So how do you keep other people’s limited view of your talents from limiting the scope of your career? First of all, recognize that it’s your responsibility to design the professional path and image that is uniquely suited to you. Rather than bemoaning your fate or begrudging your less-gifted colleagues who somehow flunk their way up the ladder, start to assess your own skills critically and realistically. This means getting beyond the job description-the one that is somehow eerily suited to you and no one else on the planet-that you’re required to write for the re-engineering or human resources folks every year to justify your existence as walking overhead.
Instead, look at yourself as your own client. As obvious as it seems, people who tirelessly devote their extraordinary powers of laser-focus to their bosses or accounts on a daily basis rarely think about turning that same X-ray vision on themselves. Once you can look at your career with some objective clarity, you can begin to assess your skills, or lack thereof. Identify your niche but don’t bury yourself in it. Get a sense of your strengths, and if you can’t figure them out, ask several trusted colleagues for some honest feedback. The recurring refrain you hear will give you your first indication.
Next, create an action plan for yourself. Call it whatever you like. A business plan, a marketing plan. Just make it comprehensive and detailed, with specific goals and target deadlines for what you hope to accomplish.
Build a professional support system. This can be difficult in a competitive, sometimes ruthless industry, but it can be done. Find a mentor, ideally someone who has excelled in your chosen field and is willing to help you reach your goals. Ask how much time they’re able to give you. Is it an occasional phone call? A monthly breakfast? And if you can’t reciprocate,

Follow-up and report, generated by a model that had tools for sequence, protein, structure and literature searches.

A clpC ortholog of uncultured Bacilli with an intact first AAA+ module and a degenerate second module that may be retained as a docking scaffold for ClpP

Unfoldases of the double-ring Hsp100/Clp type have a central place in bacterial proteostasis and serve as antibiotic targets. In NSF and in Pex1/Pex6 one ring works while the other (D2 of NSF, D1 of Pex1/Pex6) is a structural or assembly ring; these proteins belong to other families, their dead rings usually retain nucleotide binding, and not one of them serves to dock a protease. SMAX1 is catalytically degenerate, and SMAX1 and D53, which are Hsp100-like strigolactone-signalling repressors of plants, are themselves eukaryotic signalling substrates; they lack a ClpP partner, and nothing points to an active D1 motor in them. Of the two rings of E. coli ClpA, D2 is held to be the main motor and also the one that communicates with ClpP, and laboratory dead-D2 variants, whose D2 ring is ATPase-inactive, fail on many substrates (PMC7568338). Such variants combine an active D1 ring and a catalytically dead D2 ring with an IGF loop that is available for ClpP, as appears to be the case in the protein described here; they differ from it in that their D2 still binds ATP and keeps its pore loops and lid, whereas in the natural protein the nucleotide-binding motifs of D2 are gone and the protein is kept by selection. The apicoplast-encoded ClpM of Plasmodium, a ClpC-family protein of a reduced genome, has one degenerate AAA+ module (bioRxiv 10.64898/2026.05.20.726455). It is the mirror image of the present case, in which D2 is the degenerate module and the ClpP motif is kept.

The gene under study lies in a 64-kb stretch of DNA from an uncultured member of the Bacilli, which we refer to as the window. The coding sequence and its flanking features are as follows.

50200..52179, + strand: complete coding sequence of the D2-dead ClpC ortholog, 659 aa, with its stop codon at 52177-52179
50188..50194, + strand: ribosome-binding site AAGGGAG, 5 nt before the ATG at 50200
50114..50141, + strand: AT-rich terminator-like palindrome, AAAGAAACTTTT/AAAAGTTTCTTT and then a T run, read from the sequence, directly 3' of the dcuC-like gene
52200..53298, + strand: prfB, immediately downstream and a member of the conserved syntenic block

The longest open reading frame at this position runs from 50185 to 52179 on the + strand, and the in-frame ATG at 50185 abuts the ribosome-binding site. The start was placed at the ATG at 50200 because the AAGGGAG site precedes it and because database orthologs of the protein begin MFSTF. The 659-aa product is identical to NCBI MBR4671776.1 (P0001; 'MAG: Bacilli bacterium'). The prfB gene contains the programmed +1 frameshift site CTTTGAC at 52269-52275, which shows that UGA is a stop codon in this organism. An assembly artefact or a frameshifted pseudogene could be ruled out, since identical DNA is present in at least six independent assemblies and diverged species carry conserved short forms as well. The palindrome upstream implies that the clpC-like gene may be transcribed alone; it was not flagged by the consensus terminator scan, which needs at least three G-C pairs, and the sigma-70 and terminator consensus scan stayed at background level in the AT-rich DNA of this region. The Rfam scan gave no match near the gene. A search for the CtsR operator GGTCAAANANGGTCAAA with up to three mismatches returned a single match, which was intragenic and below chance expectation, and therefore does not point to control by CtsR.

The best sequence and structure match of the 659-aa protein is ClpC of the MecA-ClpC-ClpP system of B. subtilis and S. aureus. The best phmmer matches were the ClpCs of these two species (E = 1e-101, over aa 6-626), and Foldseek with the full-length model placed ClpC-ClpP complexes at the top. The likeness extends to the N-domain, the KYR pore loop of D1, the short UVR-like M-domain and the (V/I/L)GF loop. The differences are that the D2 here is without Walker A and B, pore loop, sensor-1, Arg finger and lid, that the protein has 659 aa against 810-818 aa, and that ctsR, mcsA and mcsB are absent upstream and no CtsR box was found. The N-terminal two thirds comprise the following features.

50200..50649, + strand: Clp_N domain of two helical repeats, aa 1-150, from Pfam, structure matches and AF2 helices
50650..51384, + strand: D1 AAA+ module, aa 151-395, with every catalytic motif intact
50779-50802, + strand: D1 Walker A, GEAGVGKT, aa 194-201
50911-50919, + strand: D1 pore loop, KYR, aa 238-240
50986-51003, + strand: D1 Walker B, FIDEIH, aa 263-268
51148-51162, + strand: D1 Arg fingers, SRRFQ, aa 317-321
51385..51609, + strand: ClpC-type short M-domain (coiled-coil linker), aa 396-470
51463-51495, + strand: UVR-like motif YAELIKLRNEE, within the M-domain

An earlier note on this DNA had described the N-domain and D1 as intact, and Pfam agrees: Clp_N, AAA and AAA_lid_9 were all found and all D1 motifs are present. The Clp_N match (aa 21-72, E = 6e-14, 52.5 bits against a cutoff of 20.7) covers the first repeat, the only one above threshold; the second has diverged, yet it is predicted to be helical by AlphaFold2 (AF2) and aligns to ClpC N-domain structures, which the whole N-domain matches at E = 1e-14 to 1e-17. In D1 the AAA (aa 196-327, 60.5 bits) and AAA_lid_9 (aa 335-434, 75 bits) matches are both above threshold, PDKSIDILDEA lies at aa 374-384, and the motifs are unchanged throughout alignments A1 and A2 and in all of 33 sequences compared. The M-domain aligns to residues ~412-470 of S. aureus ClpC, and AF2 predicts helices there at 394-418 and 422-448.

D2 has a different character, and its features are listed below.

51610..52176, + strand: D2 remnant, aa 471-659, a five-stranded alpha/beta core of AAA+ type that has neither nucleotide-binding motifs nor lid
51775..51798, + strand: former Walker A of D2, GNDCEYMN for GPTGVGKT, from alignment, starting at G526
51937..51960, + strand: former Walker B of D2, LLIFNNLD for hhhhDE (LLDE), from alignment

offer your counsel to someone more junior than you. Or if it’s more appropriate, create a paid professional support team. An attorney, a financial adviser, a coach or a consultant to give you information and insight as well as specific, objective feedback when you need it.
Have some integrity. Even in a business not necessarily known for its goodwill to men, let alone to women and seniors, hang onto your integrity. Make caring about family, health and community more than just lip service. As an employer, set an example for your subordinates by participating in the world outside show biz and encouraging them to lead balanced lives as well. It will only serve your business interests in the long run by creating more productive, focused and loyal employees. And with all the psychic shows in vogue right now, it’s clear the entertainment industry has stumbled upon the concept of karmic payback. Why chance it?
The truly inspired leaders in this industry-and there are many-are the ones who give their people the tools, then get out of their way. Like the parents we all wish we had, you’re there for support and guidance but not hovering nervously or interfering needlessly. So give your employees center stage and get out of the way. The world will either applaud or throw tomatoes-there’s only one way to find out.